We see the Holy Spirit’s activity during the years after the Exodus from Egypt. When the burden of leading Israel became too great for Moses to bear by himself, he cried out to the Lord and God said, “Gather for Me seventy men from the elders of Israel, whom you know to be the elders of the people and their officers and bring them to the tent of meeting, and let them take their stand there with you. Then I will come down and speak with you there, and I will take of the Spirit who is upon you, and will put Him upon them; and they shall bear the burden of the people with you, so that you will not bear it all alone” (Numbers 11:16,17). The same Holy Spirit who blessed Moses with wisdom and strength poured out His blessing on the seventy elders. The result was that the elders were empowered to prophesy, that is, to speak with wisdom and clarity.
“Then the Lord came down in the cloud and spoke to him; and He took of the Spirit who was upon him and placed Him upon the seventy elders. And when the Spirit rested upon them, they prophesied. But they did not do it again” (Numbers 11:25). Though they did not prophesy again, they brought Spirit-empowered assistance to Moses.
We see the presence and ministry of the Holy Spirit in the building and furnishing of the tabernacle. Everything was to be done according to the very specific design and pattern which the Lord would provide. To accomplish His purpose, the Lord anointed craftsmen, artisans, with the Holy Spirit.
God said to Moses, “See, I have called by name Bezalel, the son of Uri, the son of Hur, of the tribe of Judah. I have filled him with the Spirit of God in wisdom, in understanding, in knowledge, and in all kinds of craftsmanship, to make artistic designs for work in gold, in silver, and in bronze, and in the cutting of stones for settings, and in the carving of wood, that he may work in all kinds of craftsmanship. And behold, I Myself have appointed with him Oholiab, the son of Ahisamach, of the tribe of Dan; and in the hearts of all who are skillful I have put skill, that they may make all that I have commanded you” (Exodus 31:1-6).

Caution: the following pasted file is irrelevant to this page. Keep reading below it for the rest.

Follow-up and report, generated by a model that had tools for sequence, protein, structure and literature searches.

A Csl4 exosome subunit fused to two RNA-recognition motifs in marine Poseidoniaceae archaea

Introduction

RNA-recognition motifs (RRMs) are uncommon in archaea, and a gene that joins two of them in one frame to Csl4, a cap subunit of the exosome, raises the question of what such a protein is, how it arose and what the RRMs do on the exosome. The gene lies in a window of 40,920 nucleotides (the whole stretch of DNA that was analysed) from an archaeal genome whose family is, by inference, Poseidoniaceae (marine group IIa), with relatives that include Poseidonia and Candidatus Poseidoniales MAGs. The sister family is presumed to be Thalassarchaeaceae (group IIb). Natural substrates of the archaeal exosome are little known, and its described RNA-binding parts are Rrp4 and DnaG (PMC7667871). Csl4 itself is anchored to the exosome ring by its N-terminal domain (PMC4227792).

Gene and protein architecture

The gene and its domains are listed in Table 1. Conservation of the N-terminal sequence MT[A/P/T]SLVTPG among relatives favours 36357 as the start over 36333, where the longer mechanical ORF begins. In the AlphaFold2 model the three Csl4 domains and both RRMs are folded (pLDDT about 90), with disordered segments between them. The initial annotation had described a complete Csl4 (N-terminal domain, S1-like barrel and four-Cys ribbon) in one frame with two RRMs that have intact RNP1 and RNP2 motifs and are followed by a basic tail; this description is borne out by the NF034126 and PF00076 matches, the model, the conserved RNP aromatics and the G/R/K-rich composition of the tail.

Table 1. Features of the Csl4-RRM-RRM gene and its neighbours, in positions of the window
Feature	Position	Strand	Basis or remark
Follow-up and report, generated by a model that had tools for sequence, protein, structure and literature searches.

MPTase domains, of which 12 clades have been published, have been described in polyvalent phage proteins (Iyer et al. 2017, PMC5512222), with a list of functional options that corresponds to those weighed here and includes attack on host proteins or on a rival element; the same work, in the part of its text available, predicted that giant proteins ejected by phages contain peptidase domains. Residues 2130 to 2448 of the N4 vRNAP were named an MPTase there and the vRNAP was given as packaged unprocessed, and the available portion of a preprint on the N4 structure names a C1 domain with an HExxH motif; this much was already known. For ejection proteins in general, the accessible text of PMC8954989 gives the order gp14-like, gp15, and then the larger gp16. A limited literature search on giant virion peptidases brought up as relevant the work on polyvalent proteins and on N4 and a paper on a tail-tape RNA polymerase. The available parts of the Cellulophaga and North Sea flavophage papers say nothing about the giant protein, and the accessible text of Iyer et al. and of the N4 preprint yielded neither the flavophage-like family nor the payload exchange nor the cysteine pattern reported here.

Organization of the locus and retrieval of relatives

Notice in 31:6, “I Myself have appointed” and “in the hearts of all who are skillful I have put skill.” These Spirit-blessed artisans were appointed and gifted by God with the wisdom to create, to invent, to design with artistic skill “the tent of meeting, and the ark of testimony, and the mercy seat upon it, and all the furniture of the tent, the table also and its utensils, and the pure gold lampstand with all its utensils, and the altar of incense, the altar of burnt offering also with all its utensils, and the laver and its stand, the woven garments as well, and the holy garments for Aaron the priest, and the garments of his sons, with which to carry on their priesthood; the anointing oil also, and the fragrant incense for the holy place …” (31:7-11).
“Then Moses said to the sons of Israel, ‘See, the Lord has called by name Bezalel the son of Uri, the son of Hur, of the tribe of Judah. And He has filled him with the Spirit of God, in wisdom, in understanding and in knowledge and in all craftsmanship’” (Ex. 35:30,31).
The Lord designed these artisans with unique, particular talents so that they could express His creative design on earth. The Lord then placed His holy anointing upon their natural giftings. He inspired, blessed and empowered them by His Holy Spirit so that they could exercise their giftings to the glory of God.